Mr. William J. LeBuhn, Washington, D.C., entered an appearance for intervenor Dow Jones & Co., Inc., in Nos. 19427 and 19467.
Before BAZELON, Chief Judge, PRETTYMAN, Senior Circuit Judge, and WRIGHT, Circuit Judge.
PRETTYMAN, Senior Circuit Judge.
These are petitions to review three orders of the Federal Communications Commission relating to rates of the American Telephone and Telegraph Company. The eight proceedings, separately filed, were consolidated for argument and decision. The three orders are a Tentative Decision, released March 20, 1964, a Memorandum Opinion and Order, released December 24, 1964, and a Memorandum Opinion and Order, released May 4, 1965. Petitioners and intervenors are communications Common carriers, users and potential users of bulk communication service, and the Federal Government through its General Services Administration.
In January, 1961, the American Telephone and Telegraph Company filed with the Communications Commission a tariff in which it announced rates for a new service, called by it 'Telpak'. The new service was offered, said the Company, to meet the growing requirements of government and industry for large capacity communication facilities between specified points. The service would provide communications paths of various widths capable of transmitting various forms of electrical communication, such as telephone, teletypewriter, control, signalling, facsimile and data. Four sizes of channels were offered, one a carrier spectrum assignment of 48 kilocycles per second (called Telpak A), one of 96 kc (called B), one of 240 kc (called C), and the fourth approximately a thousand kilocycles per second (called Telpak D). Telpak A was stated to be equivalent in capacity to 12 voice circuits, 'B' to 24 voice circuits, 'C' to 60 such circuits, and 'D' to 240. The Company said it would provide channelizing equipment to subdivide Telpak channels into channels of lesser width, which it called 'derived' channels, or it would terminate1 the entire channel for use as a broadband transmission medium. The rate structure was in two elements, (1) a flat monthly rate per mile for the basic transmission path and (2) monthly rates for terminating the channels at the customer's premises. In nontechnical language this latter meant a rental for the equipment by means of which the electric energy was to be put to use.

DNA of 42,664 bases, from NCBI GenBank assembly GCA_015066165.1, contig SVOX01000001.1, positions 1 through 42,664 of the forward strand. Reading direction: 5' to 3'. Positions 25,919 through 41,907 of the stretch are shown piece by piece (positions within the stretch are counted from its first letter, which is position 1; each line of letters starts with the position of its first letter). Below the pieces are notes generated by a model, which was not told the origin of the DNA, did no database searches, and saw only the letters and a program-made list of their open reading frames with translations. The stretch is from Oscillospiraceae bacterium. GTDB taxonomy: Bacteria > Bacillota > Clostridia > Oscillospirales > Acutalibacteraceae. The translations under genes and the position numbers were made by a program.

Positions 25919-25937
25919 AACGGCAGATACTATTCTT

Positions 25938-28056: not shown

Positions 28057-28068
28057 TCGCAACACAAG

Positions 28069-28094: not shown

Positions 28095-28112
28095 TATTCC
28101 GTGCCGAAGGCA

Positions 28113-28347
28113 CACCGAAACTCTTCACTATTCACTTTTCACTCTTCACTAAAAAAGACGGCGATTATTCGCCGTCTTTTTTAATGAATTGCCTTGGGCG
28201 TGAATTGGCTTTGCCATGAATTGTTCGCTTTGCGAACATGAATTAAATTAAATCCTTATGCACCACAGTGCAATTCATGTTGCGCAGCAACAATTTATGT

Almost immediately a controversy arose. In less than a month Motorola, Inc., a manufacturer of radio equipment, moved for suspension of the tariff and for an inquiry and hearing. And about a month thereafter the Western Union Telegraph Company filed a petition in which it alleged that the Telpak tariff was an offering of broadband electrical paths of specified bandwidths and that a diversity of routing of channel components to make up a Telpak channel was not permissible under it. It further alleged that the Telephone Company had offered to furnish total channel requirements and to apply Telpak tariff schedules to such total, despite the fact that the channels, being over a diversity of routes, could not, or would not, be combined into a single broadband electrical path. In effect said Western Union, the Telpak tariff would be applied to existing channel facilities however dispersed. This, it further said, was improper application of the tariff.
At this point we interrupt the thread of our statement to note several underlying facts of importance to the controversy.
The A.T. & T. has had for some years a service known as 'private lines'. A customer can lease equipment and service which permit him to communicate between given points whenever and as much as he pleases without going through the usual call-and-hook-up process. This private line service includes not only telephones but all sorts of communication facilities, such as almost instant reproduction of documents and photographs at long distances. The services include telephone, telegraph, telephoto, data transmission, remote metering, supervisory control, and miscellaneous signalling and multiple channel service. Tariffs providing the rates for these private lines have long been in effect.